The biggest change for Dale Earnhardt Jr. upon leaving practice day for the South Carolina 400 at Florence Motor Speedway on Friday night was the amount of unofficial merchandise tents that have been set-up outside of the facility.
He compared it to the roads surrounding Michigan International Speedway, where mom and pop operations set up booths to sell diecasts and other assorted memorabilia. That’s new for this year and a sign, according to Earnhardt, that this event is becoming a destination event.
“It sounds trivial but those things are signs of growth to me,” Earnhardt told Short Track Scene on Friday night.
The South Carolina 400, now in its fourth year, is the spiritual successor to the old Myrtle Beach 400 held at the eponymous speedway on the Grand Strand. Defending winner Brenden Queen, who joined two-time winner Ty Majeski, says it basically holds the same place in everyone’s heart.
“It isn’t going to replace Myrtle Beach but it races like the beach and there’s the same kind of tire conservation and all the big teams show up,” Queen said. “It was a major the moment they moved it here.
“Same date, same promoters.”
Earnhardt has heaped a lot of praise upon promoter Steve Zacharias for what he continues to invest into this facility, especially as he puts it, the fact that they didn’t receive the same kind of government money that North Carolina tracks did last year.
“I talk to Steve a lot,” Earnhardt said. “He works hard. We’ve seen Florence get revitalized more and more each time we show up. There’s some tracks in North Carolina investing too. Tri-County.
“I know how hard it is, and how hard he works, and I really want to support that. It’s a fun little track. Hard to race.”
To that last point, no one really knows what they have for tomorrow.
Both Earnhardt and Queen said they experimented with their packages on practice day and have basically decided to come back with what they used before at the South Carolina bullring.
Earnhardt, who has veteran short tracker and Xfinity Series crew chief Mardy Lindley calling the shots this weekend, is kind of scratching his head about Florence right now. They were very good in this race last November but were objectively awful in February for the Icebreaker and pretty good again in August for the Locked In 200.
Making matters more complicated is that Earnhardt and teammate Carson Kvapil had the same setup in February but one car built plowing tight and the other build wicked free. Kvapil then took that same setup to the CARS Tour race and dominated.
“We scrambled all day,” Earnhardt said. “But we’re having fun. Carson is decent, kind of decent. There are about 15 cars faster than us. I don’t think we’re going to lock in on time and I think Carson should qualifying in that six to 12 range.”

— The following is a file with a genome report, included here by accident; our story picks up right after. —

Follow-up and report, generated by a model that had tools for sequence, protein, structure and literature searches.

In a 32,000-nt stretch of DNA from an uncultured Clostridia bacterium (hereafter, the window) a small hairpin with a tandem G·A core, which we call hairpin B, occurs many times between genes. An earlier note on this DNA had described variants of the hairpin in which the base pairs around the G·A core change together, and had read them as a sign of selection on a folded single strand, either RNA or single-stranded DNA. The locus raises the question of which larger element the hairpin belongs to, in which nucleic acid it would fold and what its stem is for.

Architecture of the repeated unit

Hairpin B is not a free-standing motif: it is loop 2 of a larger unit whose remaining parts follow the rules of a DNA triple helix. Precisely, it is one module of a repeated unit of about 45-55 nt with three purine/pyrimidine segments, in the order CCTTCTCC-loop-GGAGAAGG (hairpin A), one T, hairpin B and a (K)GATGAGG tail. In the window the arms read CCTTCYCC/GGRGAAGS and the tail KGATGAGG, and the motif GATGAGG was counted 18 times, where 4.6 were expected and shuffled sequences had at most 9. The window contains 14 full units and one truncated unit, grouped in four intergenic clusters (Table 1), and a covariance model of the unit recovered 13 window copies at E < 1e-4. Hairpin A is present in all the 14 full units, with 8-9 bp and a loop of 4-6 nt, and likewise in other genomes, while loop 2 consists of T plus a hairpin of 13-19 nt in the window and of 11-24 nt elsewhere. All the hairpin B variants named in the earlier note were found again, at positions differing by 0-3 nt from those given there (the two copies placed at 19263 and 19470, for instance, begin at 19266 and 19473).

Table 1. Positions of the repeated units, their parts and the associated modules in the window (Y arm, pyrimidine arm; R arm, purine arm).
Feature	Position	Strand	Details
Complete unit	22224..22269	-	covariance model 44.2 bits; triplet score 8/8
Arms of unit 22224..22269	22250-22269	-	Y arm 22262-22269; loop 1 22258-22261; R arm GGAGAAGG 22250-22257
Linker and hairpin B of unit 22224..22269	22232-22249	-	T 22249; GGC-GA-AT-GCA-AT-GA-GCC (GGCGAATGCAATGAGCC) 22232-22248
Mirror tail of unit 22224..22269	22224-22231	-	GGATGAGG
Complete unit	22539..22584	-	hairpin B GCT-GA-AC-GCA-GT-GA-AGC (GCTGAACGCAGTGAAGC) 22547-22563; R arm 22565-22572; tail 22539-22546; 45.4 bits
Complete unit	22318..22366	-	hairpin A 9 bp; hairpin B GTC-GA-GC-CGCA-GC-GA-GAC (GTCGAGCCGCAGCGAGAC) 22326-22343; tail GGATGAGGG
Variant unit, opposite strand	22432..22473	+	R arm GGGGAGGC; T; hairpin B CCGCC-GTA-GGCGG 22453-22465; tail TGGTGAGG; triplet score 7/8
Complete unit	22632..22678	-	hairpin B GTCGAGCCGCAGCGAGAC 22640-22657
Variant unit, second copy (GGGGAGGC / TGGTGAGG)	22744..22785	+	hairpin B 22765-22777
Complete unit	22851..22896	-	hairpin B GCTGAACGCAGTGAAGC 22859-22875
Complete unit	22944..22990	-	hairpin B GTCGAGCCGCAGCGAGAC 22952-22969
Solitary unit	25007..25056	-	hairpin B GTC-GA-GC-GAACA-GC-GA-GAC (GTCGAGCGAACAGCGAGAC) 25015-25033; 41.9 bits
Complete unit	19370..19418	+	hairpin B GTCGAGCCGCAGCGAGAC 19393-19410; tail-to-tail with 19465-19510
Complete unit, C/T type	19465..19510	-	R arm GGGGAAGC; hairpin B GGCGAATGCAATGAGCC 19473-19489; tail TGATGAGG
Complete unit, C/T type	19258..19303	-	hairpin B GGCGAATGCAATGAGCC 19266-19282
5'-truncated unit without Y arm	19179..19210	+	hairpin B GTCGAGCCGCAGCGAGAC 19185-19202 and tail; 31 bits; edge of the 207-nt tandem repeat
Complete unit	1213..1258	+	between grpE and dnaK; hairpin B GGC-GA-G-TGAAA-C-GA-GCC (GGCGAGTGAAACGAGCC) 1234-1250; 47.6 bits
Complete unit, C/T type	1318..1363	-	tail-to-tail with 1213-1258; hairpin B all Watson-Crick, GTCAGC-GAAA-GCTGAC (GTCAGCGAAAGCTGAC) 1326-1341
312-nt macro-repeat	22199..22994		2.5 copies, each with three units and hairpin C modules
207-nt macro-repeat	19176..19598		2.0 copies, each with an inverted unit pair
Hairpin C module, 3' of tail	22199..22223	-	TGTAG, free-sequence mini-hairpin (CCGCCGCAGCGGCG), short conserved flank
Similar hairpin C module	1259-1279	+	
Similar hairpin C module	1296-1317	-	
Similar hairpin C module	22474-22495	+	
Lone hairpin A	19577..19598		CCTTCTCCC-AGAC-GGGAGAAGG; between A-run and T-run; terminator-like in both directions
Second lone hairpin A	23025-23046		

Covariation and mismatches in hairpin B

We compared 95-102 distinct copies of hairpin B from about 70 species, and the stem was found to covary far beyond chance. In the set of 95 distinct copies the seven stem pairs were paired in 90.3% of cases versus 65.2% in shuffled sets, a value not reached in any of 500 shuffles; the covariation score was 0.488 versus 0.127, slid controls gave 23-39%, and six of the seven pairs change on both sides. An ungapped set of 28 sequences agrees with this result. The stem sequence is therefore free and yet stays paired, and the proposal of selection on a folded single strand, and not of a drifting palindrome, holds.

But that’s the thing for everyone. This place changes so much from race to race, and from day to day, and there’s no real way to chase after it.
“It makes you think the sky is falling,” Earnhardt said.
The challenge, Queen said, is that a car needs to be really tight early in a run and in qualifying because it will build free as tires fade.
“If you’re loose now, it doesn’t get any better,” Queen said. “We want turn but without losing forward drive.”
Like Earnhardt, Queen and crew chief Doug Powers aborted their experiment package too.
“We went to what we had last year and we feel good about the race trim,” he said. “We’re going to skate the bubble of the top-20 but it’s going to race good.”
Icebreaker winner Doug Barnes Jr. was fastest in practice once everyone mocked up. To wit, he’s the only guy really confident in their qualifying package in terms of how he expects to run his two laps.
“We’re not worried about qualifying but we focused on it today,” Barnes said. “We just want to make sure we get that right. I don’t want to be in a heat race. Really, it’s just going to come down to luck, last year.”
Queen echoed that sentiment too.
“We caught some lucky breaks with how the timing of our cautions and restarts,” Queen said. “But really, you can’t be lucky if you’re not good first and I think we’re going to be plenty good.”
Pre-race festivities for the South Carolina start at 6 p.m. ET. Qualifying will lock in 20 drivers. Sam Yarbrough is already on the pole by virtue of winning the Locked In 200 in September prior to Southern 500 weekend.
“You still have to go through the motions and be the best you can be,” Yarbrough told NASCAR.com this week. “It’s certainly nice to know where I’m starting, but it doesn’t make the task any easier when it comes to making sure the car is good enough to win the race.”
There will be two 25-lap heats, feature races for the Street Stocks and Mini Stocks, and then the 250 lap Late Model Stock feature to close out the night. The festivities air on FloRacing.